Trouble in Tinseltown
Can LA’s Milquetoast Mayor Rise to the Challenge?
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  • Andrew Allison

    Speaking of career obsession, the results of the elevation of Senator “Present” to the Presidency suggest that we should not hold out much hope for Lost Angeles. Perhaps the inequality police should take a look at the staggering inequality in this solidly blue city, 1% of whose residents are a major source of Democratic Party contributions and propaganda. Don’t hold your breath.

  • Corlyss

    “As head of the LA City Council (2006–12) Garcetti’s lack of a record and non-confrontational approach aroused suspicion that he was studiously avoiding conflict just to pave his road to the mayor’s office.”
    Gee, that sounds familiar. Let me see . . . name’s on the tip of my tongue . . . used to be a senator from Illinois . . .
    Based on recent experience, I’d say the LA Mayor has an excellent chance of being elected president.

  • AllanDale

    The Golden State was founded on the principle of consumption: gold, sunshine, leisure, and finally, other people’s money–what could go wrong with that? A resource-poor state that has to beg, borrow, or steal other people’s water merely to survive on an arid, burned-out edge of a continent with scarce naturally-arable land and a reactionary political culture that flip-flops between the two official political denominations. The sooner the state is sold to the Chinese the faster the federal government can start collecting revenue for providing water to the new owners.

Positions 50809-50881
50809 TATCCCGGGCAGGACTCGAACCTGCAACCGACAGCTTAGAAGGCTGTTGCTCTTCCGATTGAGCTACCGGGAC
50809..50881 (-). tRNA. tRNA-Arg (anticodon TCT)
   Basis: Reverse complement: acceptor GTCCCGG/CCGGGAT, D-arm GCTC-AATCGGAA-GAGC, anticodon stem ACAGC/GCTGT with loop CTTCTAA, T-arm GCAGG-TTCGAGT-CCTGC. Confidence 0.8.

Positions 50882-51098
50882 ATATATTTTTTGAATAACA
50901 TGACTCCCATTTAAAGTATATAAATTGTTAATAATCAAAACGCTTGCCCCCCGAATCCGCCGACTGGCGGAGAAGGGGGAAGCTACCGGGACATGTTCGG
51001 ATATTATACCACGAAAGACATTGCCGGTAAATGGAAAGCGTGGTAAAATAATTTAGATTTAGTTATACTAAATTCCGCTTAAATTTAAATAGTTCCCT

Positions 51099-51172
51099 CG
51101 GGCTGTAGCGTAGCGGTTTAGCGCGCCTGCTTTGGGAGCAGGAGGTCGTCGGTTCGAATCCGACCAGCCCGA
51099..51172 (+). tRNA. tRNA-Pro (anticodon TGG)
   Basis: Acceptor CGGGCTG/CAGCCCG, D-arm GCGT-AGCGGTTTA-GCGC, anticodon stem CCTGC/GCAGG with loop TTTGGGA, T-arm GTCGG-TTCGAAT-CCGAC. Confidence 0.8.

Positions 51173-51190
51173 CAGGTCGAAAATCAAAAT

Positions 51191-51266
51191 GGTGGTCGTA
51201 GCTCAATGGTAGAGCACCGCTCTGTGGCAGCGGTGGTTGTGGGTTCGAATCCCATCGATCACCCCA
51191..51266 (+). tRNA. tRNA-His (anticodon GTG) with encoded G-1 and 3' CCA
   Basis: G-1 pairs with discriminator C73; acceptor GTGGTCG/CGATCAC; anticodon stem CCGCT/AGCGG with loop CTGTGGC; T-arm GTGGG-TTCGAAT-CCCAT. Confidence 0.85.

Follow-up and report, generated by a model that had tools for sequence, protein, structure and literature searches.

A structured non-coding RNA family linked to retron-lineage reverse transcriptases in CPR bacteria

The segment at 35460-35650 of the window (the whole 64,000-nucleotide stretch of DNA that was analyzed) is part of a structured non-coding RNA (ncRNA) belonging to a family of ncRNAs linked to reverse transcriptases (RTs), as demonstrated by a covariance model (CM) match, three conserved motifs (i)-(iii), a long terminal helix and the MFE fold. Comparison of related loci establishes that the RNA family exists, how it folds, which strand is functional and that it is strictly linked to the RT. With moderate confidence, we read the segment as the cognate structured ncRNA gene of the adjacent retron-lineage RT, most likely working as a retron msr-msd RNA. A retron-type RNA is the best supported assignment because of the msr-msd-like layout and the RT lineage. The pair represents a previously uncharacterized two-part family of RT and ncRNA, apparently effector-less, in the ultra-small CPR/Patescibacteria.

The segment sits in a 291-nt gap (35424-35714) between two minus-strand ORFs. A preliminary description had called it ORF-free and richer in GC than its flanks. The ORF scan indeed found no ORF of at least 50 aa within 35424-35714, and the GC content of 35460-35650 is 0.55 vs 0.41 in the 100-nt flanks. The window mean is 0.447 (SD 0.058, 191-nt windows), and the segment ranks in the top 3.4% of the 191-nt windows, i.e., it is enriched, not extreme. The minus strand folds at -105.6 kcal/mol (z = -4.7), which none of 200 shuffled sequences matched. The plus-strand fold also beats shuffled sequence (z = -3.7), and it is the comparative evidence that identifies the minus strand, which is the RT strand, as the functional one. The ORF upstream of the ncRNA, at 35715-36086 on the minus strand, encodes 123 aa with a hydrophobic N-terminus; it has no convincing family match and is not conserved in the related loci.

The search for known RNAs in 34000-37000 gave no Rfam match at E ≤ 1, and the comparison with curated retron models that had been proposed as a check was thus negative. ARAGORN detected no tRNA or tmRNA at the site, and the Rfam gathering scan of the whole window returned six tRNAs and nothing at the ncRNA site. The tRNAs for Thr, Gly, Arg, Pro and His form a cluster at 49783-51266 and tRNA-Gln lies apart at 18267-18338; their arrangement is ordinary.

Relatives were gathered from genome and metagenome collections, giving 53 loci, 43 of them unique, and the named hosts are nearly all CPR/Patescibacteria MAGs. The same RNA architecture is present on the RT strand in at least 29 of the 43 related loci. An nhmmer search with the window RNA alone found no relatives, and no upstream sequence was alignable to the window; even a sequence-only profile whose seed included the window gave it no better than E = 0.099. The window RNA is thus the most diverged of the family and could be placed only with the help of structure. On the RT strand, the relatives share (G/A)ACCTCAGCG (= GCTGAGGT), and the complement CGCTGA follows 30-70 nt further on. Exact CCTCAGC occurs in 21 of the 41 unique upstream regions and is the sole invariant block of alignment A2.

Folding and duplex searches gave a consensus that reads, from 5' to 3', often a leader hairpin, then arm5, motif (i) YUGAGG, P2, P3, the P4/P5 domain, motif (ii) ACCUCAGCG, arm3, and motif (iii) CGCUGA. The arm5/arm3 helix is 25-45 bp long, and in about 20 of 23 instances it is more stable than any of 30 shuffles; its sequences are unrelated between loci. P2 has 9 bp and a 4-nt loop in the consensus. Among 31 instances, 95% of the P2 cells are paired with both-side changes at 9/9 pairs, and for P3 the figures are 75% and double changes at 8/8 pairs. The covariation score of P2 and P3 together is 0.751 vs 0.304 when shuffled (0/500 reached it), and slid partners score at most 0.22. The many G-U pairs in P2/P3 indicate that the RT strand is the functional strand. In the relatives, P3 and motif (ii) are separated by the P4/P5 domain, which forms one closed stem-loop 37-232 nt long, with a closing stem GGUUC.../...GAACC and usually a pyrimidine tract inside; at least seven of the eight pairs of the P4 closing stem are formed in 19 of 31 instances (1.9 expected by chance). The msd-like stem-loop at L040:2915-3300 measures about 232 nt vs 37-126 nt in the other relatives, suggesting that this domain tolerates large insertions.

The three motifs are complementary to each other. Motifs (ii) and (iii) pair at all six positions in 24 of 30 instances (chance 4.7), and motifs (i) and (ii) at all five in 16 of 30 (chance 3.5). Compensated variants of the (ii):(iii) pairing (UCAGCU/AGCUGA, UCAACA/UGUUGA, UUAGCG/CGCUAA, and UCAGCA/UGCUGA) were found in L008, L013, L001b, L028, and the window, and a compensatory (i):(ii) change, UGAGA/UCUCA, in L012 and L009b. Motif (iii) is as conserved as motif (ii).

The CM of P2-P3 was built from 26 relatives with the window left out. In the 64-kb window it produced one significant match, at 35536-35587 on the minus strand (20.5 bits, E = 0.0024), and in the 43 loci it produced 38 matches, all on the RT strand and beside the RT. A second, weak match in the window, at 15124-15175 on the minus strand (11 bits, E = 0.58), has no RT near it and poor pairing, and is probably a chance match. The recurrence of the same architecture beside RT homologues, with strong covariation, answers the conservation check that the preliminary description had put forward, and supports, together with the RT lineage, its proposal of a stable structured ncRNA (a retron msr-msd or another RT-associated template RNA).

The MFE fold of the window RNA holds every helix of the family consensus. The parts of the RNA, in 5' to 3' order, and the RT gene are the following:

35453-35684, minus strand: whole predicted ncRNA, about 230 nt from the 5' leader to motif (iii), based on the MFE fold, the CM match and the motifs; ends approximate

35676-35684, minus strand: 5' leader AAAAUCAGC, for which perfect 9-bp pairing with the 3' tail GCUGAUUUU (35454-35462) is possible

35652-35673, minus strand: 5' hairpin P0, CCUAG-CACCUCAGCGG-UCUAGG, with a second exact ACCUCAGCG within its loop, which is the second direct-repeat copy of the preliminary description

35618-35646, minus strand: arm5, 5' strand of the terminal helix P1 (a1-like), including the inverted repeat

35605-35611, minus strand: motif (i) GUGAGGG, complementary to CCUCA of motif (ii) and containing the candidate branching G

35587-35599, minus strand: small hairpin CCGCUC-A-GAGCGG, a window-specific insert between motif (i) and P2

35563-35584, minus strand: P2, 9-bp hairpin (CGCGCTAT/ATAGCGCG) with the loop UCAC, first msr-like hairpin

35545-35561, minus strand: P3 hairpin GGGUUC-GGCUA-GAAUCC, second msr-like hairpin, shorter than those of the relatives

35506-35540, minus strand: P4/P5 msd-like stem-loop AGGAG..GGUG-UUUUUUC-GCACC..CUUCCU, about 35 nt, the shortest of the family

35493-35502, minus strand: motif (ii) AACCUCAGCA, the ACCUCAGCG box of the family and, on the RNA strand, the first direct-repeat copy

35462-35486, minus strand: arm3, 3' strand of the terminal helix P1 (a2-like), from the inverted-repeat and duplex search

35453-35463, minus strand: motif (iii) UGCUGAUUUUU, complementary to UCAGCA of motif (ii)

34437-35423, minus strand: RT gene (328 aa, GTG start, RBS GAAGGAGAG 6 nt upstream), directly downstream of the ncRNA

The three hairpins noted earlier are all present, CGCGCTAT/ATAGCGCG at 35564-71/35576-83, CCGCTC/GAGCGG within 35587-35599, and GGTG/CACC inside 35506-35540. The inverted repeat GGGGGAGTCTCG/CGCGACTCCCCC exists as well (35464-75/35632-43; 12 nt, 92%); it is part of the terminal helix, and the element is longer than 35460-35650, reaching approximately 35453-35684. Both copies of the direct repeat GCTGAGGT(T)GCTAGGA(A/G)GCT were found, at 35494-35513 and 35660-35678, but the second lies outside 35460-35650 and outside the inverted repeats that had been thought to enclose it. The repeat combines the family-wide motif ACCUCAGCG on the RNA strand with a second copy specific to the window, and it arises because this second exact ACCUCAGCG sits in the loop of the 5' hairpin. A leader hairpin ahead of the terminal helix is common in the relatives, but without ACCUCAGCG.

• Jim__L

      The water, SoCal takes from northern California.

      Little-known fact: Southern California is actually resource-rich: it has a lot of oil. The greens just won’t let any of it come out of the ground.

      • AllanDale

        As a matter of fact, California requires water from four adjacent states just to provide drinking water for the population and water for the industrial farms in the arid Central Valley. In the 1960s, the state’s boosters assured everyone that by the end of the 20th century, floating offshore desalination plants would solve the water problem on a permanent basis.

        • Jim__L

          The Central Valley water districts (like the ones I grew up in) get water from the Sierra Nevadas, and additionally ship a whole lot of water to LA. When water gets tight, farms get shortchanged long before the mega-cities.

          Stuffing millions of people into Los Angeles is the primary mistake here.

    • Dan

      pretty sure that CA is a lot of things but resource poor isn’t one of them

  • free_agent

    In the end, these problems seem to get fixed by people “voting with their feet”. Of course, the people with the most money get to vote first (get first choice of where they’d like to go), and those with the least money get last pick. As an extreme example, even the poorest are exiting Detroit. But maybe things are so bad in Detroit that they’re starting to get fixed. In AA, they call that “hitting the bottom”.

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